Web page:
NEW YORK — After a years-long court battle, Apple finally got what it wanted: A federal appeals court ruled Thursday that Samsung smartphones can no longer copy certain iPhone features.
In a 2-1 decision, a federal appeals court in Washington ruled that Samsung has to update its smartphones’ software to remove slide-to-unlock, autocorrect and quick link software that directly mimic Apple’s similar features on the iPhone.
But the ruling comes long after Samsung has changed the way those features work on its smartphones. For example, you no longer need to slide a button to unlock Galaxy phones — you can just swipe your finger anywhere on the screen. Samsung’s keyboard has also been updated several times since the ruling.
Samsung said in a statement that its Galaxy smartphones will continue to be sold and supported by the company. It also said it is looking for further review of Thursday’s decision.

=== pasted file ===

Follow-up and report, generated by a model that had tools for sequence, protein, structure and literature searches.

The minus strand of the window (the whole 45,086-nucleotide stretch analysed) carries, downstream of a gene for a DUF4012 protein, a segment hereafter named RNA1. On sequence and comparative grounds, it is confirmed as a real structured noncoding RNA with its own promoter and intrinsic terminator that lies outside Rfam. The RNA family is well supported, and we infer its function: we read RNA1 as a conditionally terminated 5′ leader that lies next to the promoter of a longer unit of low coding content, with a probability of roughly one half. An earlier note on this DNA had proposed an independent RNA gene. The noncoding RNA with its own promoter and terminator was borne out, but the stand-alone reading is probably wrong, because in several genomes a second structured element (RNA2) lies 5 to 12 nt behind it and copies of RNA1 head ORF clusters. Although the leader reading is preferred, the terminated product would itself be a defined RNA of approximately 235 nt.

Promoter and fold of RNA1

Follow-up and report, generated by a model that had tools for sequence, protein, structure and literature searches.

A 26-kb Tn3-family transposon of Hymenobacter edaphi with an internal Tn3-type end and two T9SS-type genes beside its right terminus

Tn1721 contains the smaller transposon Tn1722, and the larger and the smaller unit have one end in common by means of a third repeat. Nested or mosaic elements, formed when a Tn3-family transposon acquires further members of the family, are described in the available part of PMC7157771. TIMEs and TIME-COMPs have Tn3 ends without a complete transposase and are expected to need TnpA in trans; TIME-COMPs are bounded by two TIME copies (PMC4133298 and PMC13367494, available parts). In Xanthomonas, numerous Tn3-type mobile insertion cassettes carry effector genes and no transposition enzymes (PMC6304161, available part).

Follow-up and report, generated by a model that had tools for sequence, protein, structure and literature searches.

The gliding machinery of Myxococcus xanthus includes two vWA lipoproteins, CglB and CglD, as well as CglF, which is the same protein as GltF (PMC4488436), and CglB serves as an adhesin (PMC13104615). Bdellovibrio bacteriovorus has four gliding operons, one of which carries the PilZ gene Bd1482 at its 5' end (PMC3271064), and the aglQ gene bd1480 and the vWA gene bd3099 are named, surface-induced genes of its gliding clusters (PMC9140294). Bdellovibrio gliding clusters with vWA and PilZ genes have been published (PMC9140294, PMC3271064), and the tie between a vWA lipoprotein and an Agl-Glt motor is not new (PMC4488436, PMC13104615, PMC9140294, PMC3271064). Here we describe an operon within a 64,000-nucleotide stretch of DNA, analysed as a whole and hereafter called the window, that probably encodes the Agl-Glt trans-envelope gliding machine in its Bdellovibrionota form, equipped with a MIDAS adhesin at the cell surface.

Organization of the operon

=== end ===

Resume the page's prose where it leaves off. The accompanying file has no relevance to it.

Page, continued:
The court said it had granted Apple a “narrow” ruling, saying it did not want to take Samsung’s devices off the shelves. Rather, it instructed Samsung to remove the infringing features — if there are any remaining on customers’ devices — without recalling its smartphones.
Apple first filed its lawsuit in February 2012 — ages ago in technology terms. (The Galaxy S II was the newest Samsung smartphone to be listed in the lawsuit when the case was filed — Samsung released the Galaxy S6 earlier this year).
So Apple won — but not much more than a Pyrrhic victory.
In the initial district court decision, Samsung was ordered to pay Apple $120 million for violating its patents — less than a tenth of what Apple had initially asked for.
It’s just one of several patent cases currently being fought in courts between the two smartphone giants. In a separate case, Apple was granted $980 million in damages after a court ruled that Samsung copied the iPhone. But an appeals court ruled that Apple could not patent the basic design of the iPhone, putting some of that award in jeopardy.
The companies said last year that they will call off their patent disputes going forward — outside the United States.